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Contest-ing The Facts

, , , | Right | September 13, 2019

(I just started working at a library, where it’s not uncommon to get patrons who have never used a computer and want help. We also are in a fairly poor area with majority non-English speakers, making communication sometimes difficult.)

Patron: “Hello. I won a contest and want to get my money from it. I need to email them.”

(He holds up a bottle cap, which I assume has some sort of contest rules on it.)

Me: “Sure! Our computers are just over there, or you can connect your laptop to our Wi-Fi.”

(The patron walks over to the computers and sits down, and I continue my work. He comes back after a few minutes.)

Patron: “I need help with my email.”

(I follow him to his computer, which has not been logged in. It turns out he doesn’t have an email account, nor does he even really know how a computer works. I walk him through the entire process, which takes longer than usual because of slow Internet. Finally, I get him set up and write his information on a piece of paper so he can access his email later.)

Me: “Okay, you’re all set to write the email. Good luck!”

(I leave him to it and get on with my work. After a few minutes, he returns to the circulation desk.)

Patron: “I need to go. I’ll come back another time.” *leaves*

(Part of me feels bad for not helping him more, but his skill level was so low that he needed an intro computer class to really make a difference. With the hurried way he left, I don’t expect him to see him again. However, the next day, the same patron comes in.)

Patron: “I need help with my email. I need to see if I won the contest.” *holds up the bottle cap again*

Me: “Okay, do you have that paper I gave you? With your email login?”

Patron: “No.”

Me: *face-palming, because I remember the email, but not the password he chose* “Okay, let me show you how to reset your password.”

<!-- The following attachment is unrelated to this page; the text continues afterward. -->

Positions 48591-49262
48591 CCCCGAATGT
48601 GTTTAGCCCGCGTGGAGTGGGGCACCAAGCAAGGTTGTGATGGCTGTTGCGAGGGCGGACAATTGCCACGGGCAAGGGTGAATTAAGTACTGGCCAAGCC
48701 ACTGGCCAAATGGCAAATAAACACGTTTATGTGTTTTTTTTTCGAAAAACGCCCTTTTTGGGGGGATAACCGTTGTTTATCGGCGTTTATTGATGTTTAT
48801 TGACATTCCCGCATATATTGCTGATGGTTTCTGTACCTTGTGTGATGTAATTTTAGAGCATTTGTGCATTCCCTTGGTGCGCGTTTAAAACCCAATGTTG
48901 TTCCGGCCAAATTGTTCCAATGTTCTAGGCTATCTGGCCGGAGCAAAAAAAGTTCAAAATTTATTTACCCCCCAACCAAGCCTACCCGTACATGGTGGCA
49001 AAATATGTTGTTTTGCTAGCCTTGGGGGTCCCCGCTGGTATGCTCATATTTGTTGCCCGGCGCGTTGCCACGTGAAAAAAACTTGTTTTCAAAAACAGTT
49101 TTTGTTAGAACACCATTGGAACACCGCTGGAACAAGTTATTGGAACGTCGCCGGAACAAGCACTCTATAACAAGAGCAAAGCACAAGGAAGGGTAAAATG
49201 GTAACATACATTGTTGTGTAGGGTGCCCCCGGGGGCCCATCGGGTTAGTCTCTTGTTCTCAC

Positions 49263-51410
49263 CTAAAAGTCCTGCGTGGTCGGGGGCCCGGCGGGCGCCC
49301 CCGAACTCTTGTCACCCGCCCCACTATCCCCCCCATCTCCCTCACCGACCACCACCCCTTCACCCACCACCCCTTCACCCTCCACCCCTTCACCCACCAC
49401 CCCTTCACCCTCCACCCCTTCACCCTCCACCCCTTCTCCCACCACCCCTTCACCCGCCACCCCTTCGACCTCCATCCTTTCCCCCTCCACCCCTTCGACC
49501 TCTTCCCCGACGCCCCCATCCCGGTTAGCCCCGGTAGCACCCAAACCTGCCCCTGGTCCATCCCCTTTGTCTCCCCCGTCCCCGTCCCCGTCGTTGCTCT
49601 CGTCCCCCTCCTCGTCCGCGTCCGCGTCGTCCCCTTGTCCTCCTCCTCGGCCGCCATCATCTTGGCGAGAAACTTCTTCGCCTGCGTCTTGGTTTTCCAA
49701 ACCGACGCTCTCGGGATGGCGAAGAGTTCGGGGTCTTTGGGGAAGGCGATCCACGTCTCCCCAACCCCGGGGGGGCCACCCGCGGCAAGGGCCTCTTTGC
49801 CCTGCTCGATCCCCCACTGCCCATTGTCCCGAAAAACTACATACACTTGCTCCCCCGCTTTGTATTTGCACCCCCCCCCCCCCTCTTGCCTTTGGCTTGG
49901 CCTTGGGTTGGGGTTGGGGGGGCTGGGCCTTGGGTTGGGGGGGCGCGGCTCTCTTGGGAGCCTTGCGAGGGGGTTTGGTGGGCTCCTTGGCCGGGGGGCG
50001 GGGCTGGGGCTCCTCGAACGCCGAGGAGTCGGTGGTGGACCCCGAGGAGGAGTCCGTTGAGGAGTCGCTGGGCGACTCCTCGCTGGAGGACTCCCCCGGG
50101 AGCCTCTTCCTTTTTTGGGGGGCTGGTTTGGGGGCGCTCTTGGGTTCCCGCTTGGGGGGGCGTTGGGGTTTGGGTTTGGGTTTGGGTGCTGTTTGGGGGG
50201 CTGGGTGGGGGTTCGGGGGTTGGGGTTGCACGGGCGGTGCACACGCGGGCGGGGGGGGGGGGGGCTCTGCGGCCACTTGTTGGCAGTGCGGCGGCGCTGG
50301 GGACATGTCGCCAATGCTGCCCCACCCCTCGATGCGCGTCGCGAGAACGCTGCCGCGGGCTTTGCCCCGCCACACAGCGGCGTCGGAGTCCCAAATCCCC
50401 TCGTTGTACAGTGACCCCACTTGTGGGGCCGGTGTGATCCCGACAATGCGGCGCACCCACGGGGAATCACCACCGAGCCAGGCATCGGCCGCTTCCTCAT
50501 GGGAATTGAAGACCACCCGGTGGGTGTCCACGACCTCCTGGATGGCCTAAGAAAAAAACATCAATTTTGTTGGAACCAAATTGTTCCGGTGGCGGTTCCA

(I go through the process with him only to learn that because it is a new account, it needs to be connected to a phone number to reset the password. I explain this.)

Patron: “But I don’t have a phone.”

Me: “Do you know anyone with a phone? It doesn’t have to be yours; you just need to bring the phone here and give the computer your number so it can text you.”

Patron: “My mom has a phone. I can use that.”

Me: “Great! Okay, you need to go get the phone and bring it here so we can access your email.”

(He leaves and comes back in a few hours.)

Patron: “I got the phone.”

(He holds up a piece of paper with a phone NUMBER on it, not an actual phone.)

Me: “I’m sorry, maybe I wasn’t clear. The computer is going to send the phone a text, so we need the phone here. You need to come back with the phone.”

(I know I explained extremely clearly earlier, because I know this guy doesn’t know anything about technology. Obviously, I wasn’t clear enough. The patron leaves, and the next day is my day off. When I come back two days later, I’m on desk with a coworker, who has been here for years. Guess who comes in and hightails it to me?)

Patron: “You! I need help with the contest again.”

Coworker: “[Patron], I told you, it’s not a contest! It’s just a bottle cap.”

Patron: “No! This girl helped me with a contest!”

Me: “What? Can I see the bottle cap please?”

(He gave me the bottle cap, which was an ordinary bottle cap with a joke printed on the inside. I was absolutely dumbfounded, considering I spent probably a full hour with this guy over the past few days trying to win this contest for him. I guess he didn’t read English well — I don’t know how he planned to write this email — saw writing on the cap, and made the logical leap to a contest win? Unluckily for me, since I helped him, the patron was convinced that the contest was real and it took a while for him to realize the truth. This was one of my first difficult customer experiences and from then on out, I was careful to check into whatever a customer said and ask more questions.)